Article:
María de Jesús Nolasco Elías (b. December 8, 1944 - d. 2000) was a Mexican potter from Ocumicho, Michoacán, a town noted for the creation of colorful ceramic figurines.
She learned the craft from another Ocumicho potter named Marcelino Vicente.
Her works show imagination, for example the creation of devils emerging from flames, animals devouring each other, images from the life of Christ with indigenous elements and even a representation of the Last Supper, with Jesus eating a watermelon. She also created mermaids, smiling sun faces, portraits of real people and trees of life.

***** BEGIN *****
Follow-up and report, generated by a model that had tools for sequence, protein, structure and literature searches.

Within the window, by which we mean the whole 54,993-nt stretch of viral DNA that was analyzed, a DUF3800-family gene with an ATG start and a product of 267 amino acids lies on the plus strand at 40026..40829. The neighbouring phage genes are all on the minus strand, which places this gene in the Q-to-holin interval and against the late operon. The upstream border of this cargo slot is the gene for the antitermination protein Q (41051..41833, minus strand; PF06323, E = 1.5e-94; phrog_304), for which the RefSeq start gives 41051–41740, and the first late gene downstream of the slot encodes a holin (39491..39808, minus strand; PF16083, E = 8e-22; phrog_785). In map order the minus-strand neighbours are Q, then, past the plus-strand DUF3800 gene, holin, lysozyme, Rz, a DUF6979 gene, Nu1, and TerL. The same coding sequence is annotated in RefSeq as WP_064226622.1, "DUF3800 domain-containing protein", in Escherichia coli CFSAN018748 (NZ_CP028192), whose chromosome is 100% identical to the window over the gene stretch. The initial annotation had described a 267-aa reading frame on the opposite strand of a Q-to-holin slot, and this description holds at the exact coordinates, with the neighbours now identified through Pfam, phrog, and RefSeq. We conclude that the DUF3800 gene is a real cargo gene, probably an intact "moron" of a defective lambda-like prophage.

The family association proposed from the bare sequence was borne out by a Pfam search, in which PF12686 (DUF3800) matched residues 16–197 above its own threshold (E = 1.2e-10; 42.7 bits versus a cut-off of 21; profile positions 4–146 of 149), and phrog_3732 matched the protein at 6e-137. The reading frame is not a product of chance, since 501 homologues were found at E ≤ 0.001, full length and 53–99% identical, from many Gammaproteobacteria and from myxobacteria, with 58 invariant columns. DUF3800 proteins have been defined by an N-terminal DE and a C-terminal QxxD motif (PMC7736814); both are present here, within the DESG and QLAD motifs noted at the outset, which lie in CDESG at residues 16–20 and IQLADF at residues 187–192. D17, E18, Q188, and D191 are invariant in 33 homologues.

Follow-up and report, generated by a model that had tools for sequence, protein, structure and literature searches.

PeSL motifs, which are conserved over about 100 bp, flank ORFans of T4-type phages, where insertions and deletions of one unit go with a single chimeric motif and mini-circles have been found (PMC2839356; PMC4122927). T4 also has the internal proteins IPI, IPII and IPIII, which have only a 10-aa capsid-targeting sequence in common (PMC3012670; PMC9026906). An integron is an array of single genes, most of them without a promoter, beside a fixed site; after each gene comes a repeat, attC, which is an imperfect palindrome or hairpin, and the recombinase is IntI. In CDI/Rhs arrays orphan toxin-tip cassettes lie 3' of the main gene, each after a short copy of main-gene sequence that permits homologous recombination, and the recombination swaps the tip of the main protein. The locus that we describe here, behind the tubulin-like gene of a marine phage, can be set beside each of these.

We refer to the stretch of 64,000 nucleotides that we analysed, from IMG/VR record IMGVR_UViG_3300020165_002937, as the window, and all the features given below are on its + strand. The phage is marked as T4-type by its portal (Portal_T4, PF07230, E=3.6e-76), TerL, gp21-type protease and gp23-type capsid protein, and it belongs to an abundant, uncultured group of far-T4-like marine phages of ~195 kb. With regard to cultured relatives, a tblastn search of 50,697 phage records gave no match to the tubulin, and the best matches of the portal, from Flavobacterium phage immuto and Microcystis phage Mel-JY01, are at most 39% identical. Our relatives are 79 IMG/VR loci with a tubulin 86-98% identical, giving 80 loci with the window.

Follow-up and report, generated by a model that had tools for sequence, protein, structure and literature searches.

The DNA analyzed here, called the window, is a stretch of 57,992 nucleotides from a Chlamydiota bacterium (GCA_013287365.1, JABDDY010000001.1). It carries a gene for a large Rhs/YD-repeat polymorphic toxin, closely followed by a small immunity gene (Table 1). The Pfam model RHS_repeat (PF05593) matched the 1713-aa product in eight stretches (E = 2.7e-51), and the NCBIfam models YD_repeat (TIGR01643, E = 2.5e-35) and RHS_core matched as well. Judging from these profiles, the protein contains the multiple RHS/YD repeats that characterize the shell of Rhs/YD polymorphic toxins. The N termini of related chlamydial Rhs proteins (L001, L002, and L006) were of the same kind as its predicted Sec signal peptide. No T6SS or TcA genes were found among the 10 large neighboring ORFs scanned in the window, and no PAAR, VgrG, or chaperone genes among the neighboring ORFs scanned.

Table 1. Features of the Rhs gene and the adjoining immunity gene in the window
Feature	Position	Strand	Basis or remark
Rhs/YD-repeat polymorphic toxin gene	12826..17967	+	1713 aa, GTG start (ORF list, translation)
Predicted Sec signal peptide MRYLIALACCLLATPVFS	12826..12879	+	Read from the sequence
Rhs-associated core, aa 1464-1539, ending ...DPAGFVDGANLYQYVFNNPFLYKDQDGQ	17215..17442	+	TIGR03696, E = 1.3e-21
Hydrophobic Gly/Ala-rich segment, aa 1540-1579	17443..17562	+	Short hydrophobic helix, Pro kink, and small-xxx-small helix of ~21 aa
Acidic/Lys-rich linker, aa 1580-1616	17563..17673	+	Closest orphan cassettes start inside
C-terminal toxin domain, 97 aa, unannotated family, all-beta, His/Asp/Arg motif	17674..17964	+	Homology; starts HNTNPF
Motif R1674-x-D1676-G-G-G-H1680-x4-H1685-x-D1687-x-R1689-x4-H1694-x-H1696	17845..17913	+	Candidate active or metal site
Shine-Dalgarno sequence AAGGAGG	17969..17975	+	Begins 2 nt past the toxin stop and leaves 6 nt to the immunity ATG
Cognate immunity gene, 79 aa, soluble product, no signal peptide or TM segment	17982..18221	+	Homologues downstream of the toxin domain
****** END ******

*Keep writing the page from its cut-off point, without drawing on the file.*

Nolasco Elías's pieces were both made with molds and by hand, using local clays, polishing dried pieces with a stone.
Her work was shown at the Museo de Arte Moderno in Mexico City in 1993, as well as at various exhibitions outside of Mexico. She was named a “grand master” by the Fomento Cultural Banamex in 2001.